March 14, 2017
To our physician colleagues and OMA representatives,
Much has changed in the two years since negotiations between the OMA and Government of Ontario fell through. Unilateral, non-evidence-based cuts to the physician’s services budget by the government, followed by the portrayal of physicians as solely self-interested, has served as a lightning rod for much of the burnout and frustration of working within an often constrained healthcare system.
It has been alarming that the government has continued these cuts when physicians are considered an essential service and yet have no recourse in negotiations such as binding arbitration. However, some of the escalating responses of physicians have been equally alarming. While it has been heartening to see physicians engaging in effective grassroots organizing, bullying tactics have sometimes been used to silence those with differing views. Many physicians have used social media to call for user fees for patients and argue for a two-tier healthcare system. Amid the recent OMA election, there have been calls for job action, and on March 6th an open letter to patients alerting them to this possibility was released by the OMA itself. While it may have been government policy and mishandling of negotiations that allowed for ideas such as user fees and job action to enter the mainstream discourse, continued movement towards these policies will only hurt doctors and patients.
Doctors for Responsible Healthcare stands against job action for many reasons: patients will be the ones to ultimately suffer; it will disproportionately affect vulnerable and marginalized populations; it will only erode public confidence in physicians and in our publicly funded system; and it will not actually work to change government policy. Job action will not have public support, just as the physician strike against extra billing in 1986 did not, and it will only provide the government with easy fodder with which to justify further unilateral action. We will be back to where we started, with the only outcome being erosion of public trust in our profession and of a publicly funded health system.
Some physicians have argued that they are willing to take to job action to “fix a health system in crisis”. As helpful as binding arbitration can be as a tool for fair negotiations, it will certainly not resolve chronic underfunding and fix our healthcare system. In the end, the only way governments at both federal and provincial levels will act to resolve the funding gaps in healthcare will be through public pressure; job action as a tactic will be counterproductive as it will direct the public’s attention away from the issue of funding and strengthening universal healthcare and will focus it on the issue of physician salaries and erode public confidence. Physicians and patients would be much better served if we took a leadership role and focused on the innovative, evidence-based, and cost-effective ways to improve the system in which we work hard every day, and on which our patients depend for their health.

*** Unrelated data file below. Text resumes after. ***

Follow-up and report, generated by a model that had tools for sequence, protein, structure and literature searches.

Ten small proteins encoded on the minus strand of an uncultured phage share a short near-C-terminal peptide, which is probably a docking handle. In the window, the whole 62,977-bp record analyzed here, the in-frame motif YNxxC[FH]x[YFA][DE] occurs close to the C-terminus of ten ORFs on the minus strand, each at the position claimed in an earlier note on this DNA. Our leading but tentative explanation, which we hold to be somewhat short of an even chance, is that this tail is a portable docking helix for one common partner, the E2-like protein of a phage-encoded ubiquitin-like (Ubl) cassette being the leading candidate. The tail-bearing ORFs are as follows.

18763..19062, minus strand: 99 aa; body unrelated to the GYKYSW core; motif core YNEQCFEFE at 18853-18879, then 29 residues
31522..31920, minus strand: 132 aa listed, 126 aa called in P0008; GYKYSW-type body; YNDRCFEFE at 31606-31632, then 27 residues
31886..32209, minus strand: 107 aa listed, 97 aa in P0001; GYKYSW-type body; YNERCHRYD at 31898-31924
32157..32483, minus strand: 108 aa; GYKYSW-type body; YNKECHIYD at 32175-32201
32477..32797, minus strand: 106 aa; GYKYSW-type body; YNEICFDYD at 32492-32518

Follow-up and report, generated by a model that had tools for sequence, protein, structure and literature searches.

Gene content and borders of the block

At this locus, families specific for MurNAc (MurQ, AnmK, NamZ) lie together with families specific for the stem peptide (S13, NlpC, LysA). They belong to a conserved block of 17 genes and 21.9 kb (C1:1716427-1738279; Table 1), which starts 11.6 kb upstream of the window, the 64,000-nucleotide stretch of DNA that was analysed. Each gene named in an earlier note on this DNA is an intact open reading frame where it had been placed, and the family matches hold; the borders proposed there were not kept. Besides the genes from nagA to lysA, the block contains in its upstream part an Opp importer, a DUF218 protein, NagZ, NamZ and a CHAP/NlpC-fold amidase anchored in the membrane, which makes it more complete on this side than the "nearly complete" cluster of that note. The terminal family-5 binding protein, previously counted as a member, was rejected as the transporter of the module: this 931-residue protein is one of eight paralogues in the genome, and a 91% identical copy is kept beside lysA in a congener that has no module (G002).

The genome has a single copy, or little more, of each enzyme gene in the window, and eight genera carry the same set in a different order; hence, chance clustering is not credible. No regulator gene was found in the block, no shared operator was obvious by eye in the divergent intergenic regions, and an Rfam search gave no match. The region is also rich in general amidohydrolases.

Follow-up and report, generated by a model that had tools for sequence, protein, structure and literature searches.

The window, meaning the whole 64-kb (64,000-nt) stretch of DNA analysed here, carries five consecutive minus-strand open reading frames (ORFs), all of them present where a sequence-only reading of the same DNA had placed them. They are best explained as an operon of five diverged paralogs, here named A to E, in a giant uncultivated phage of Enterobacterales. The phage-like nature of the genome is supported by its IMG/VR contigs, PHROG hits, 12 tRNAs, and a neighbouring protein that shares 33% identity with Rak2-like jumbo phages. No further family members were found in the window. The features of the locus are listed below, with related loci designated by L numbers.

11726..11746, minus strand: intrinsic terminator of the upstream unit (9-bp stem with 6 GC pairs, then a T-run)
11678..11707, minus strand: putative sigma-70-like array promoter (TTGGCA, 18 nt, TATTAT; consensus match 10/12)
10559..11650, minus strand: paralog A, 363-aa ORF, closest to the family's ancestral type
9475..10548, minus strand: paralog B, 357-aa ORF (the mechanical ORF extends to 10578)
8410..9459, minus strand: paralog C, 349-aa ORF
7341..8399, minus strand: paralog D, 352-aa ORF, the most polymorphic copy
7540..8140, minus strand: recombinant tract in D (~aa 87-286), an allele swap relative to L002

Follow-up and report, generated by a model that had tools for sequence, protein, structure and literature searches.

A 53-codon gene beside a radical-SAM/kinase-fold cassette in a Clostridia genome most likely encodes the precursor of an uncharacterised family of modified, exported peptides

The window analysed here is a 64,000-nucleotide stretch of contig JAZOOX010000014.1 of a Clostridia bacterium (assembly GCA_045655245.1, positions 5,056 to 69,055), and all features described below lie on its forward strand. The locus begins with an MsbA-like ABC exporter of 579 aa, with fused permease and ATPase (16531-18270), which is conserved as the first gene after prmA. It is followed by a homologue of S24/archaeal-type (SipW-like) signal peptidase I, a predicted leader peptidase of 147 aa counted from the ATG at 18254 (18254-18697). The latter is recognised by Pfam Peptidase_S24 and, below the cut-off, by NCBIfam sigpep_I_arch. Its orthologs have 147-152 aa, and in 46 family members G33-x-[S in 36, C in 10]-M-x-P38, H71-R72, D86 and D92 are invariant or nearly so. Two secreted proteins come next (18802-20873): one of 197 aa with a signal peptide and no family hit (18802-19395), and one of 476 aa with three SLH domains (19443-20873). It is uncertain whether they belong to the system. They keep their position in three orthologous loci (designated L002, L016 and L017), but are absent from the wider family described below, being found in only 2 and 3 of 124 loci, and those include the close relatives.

We congratulate the newly elected OMA representatives, many of whom have worked tirelessly against the government cuts over the last two years. We hope that you will respectfully listen to those who do not share views supporting user fees or job action. Voter turnout for the recent election, by district, ranged from 9.2% to 25.5% of all eligible voters. That means at least 75% of physicians did not vote. In the Membership Satisfaction Survey, from which a presumed support of job action is being drawn, only 15.2% of OMA members responded. The recent survey around physician job action simply asked for job action ideas, and did not even consider opposition to job action as a possibility. To take such a drastic measure as job action, we would expect a much more comprehensive and thorough gauging of membership support. Every day in practice, we see physicians put patients first. Based on our interactions with colleagues who work through their lunches, their evenings, and even their maternity leaves, our bet is that most physicians not represented in the election or Membership Satisfaction Survey would stand opposed to actions that would threaten patient care or our publicly funded system. We trust that you will seek out the voices of all physicians and strive to represent them.
Doctors for Responsible Healthcare